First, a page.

You are reading

Podcast: We Talk to Shaun Donovan, Candidate for New York City Mayor

Nov. 2, 2020 By Christian Murray

The presidential election may be front and center but the New York City mayoral race is beginning to take shape.

Today we talk to Shaun Donovan, one of the many candidates looking to be the next mayor.

He will be competing in the Democratic primary in June 2021 against Eric Adams, Scott Stringer, Maya Wiley, Kathryn Garcia and Dianne Morales—all of whom have announced that they are running. Many other candidates have announced or are likely to run.

Donovan comes to the race having never been in elected office. Instead, he has been a public servant for most of his career, working a number of high profile jobs such as being HUD Secretary under President Barack Obama and being the Commissioner of the New York City Department of Housing Preservation and Development under Mayor Michael Bloomberg.

Donovan touts his background of public service, and says that his deep knowledge of housing policy will prove vital in coming years. He said that when the moratorium on evictions ends many New Yorkers will face a crisis.

He says that New Yorkers are not looking for another politician but a problem solver with a history of public service.

email the author: [email protected]
No comments yet

Leave a Comment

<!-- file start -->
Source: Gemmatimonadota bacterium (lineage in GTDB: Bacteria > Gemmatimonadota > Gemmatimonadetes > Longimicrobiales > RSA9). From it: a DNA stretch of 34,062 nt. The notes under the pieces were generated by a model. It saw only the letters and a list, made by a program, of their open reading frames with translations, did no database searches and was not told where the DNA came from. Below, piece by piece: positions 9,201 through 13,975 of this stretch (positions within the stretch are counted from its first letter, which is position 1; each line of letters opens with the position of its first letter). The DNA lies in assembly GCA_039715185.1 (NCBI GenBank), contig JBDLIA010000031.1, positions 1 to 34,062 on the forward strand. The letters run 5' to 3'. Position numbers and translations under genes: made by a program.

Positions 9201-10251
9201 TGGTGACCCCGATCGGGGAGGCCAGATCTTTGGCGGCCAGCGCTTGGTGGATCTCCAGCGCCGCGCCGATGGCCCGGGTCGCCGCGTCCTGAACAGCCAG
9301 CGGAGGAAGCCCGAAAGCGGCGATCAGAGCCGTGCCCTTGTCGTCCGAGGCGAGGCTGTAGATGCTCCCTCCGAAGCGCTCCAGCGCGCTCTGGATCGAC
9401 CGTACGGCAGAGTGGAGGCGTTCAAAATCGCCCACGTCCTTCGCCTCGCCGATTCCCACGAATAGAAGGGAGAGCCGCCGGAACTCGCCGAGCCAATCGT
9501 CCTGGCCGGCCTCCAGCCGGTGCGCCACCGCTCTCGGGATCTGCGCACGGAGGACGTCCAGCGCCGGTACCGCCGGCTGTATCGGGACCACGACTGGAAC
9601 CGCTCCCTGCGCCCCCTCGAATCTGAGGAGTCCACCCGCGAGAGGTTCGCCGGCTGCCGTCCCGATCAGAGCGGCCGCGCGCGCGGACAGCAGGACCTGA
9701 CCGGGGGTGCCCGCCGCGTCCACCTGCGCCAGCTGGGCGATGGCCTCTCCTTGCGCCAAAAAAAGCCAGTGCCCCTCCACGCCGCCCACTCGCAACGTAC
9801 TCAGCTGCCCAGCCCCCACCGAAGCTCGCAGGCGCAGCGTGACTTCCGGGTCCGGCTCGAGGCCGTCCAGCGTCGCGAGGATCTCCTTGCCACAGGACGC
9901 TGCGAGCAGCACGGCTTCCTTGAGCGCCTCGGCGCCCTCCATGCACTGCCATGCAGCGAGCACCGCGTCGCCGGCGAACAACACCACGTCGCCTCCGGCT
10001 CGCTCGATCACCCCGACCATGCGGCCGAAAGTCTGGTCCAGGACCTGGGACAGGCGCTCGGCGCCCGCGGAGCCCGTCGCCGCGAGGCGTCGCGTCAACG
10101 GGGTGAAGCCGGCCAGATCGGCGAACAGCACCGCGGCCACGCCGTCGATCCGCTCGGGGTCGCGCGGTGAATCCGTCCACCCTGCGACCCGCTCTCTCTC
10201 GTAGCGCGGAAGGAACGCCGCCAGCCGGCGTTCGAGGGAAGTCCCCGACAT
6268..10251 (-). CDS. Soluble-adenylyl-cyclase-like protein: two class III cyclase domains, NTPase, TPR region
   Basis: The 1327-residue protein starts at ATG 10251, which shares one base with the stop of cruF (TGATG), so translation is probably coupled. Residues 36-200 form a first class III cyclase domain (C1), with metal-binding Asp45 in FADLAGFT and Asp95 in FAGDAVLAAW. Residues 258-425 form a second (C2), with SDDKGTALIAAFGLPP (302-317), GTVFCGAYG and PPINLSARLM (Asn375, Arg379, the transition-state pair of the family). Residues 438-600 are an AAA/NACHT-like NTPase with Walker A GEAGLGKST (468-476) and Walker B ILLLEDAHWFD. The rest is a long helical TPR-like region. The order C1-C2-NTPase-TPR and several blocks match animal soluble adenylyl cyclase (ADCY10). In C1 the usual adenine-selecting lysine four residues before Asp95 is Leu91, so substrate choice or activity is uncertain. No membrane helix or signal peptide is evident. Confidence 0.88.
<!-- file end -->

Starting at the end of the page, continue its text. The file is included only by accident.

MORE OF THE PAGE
Reply to this Comment

All comments are subject to moderation before being posted.

This site is protected by reCAPTCHA and the Google Privacy Policy and Terms of Service apply.

Recent News

LaGuardia Community College receives federal funding to expand vocational training for the unemployed

LaGuardia Community College recently received more than $400,000 in federal funding to enhance and expand vocational training for underemployed New Yorkers in a city that is still working to recover from COVID-19 pandemic-induced job loss. The support was secured by U.S. Senators Charles Schumer and Kirsten Gillibrand, Congresswoman Nydia Velázquez and former Congresswoman Carolyn B. Maloney.

LaGuardia Community College President Kenneth Adams explained that the school lost nearly a quarter of its students at the height of the pandemic due to the economic effects of the lockdown on low-income Queens households.

BP launches new advisory panel for youth to become civically engaged in the future of Queens

In an effort to get more young people involved in civics, Queens Borough President Donovan Richards has created a new advisory panel known as the Youth and Young Adult Council to introduce the “youngest and fiercest” community advocates to both community service and organization.

Members of the advisory body will advocate concerns through means of community engagement by participating in one of two cohorts. The first will be made up of high school representatives between the ages of 13 and 17, while the second cohort will be comprised of young adults between the ages of 18 and 25.

Raga sworn in as first-ever Filipino American elected to the state Legislature

More than 300 community members attended the historic inauguration of Assemblyman Steven Raga as the first Filipino American elected to office in New York state.

Many who attended the swearing-in event at the Queens Museum in Flushing Meadows Corona Park wore traditional and cultural attire to the event at the building that once housed the General Assembly of the newly formed United Nations from 1946-50 until its current home in Manhattan became available for the world body.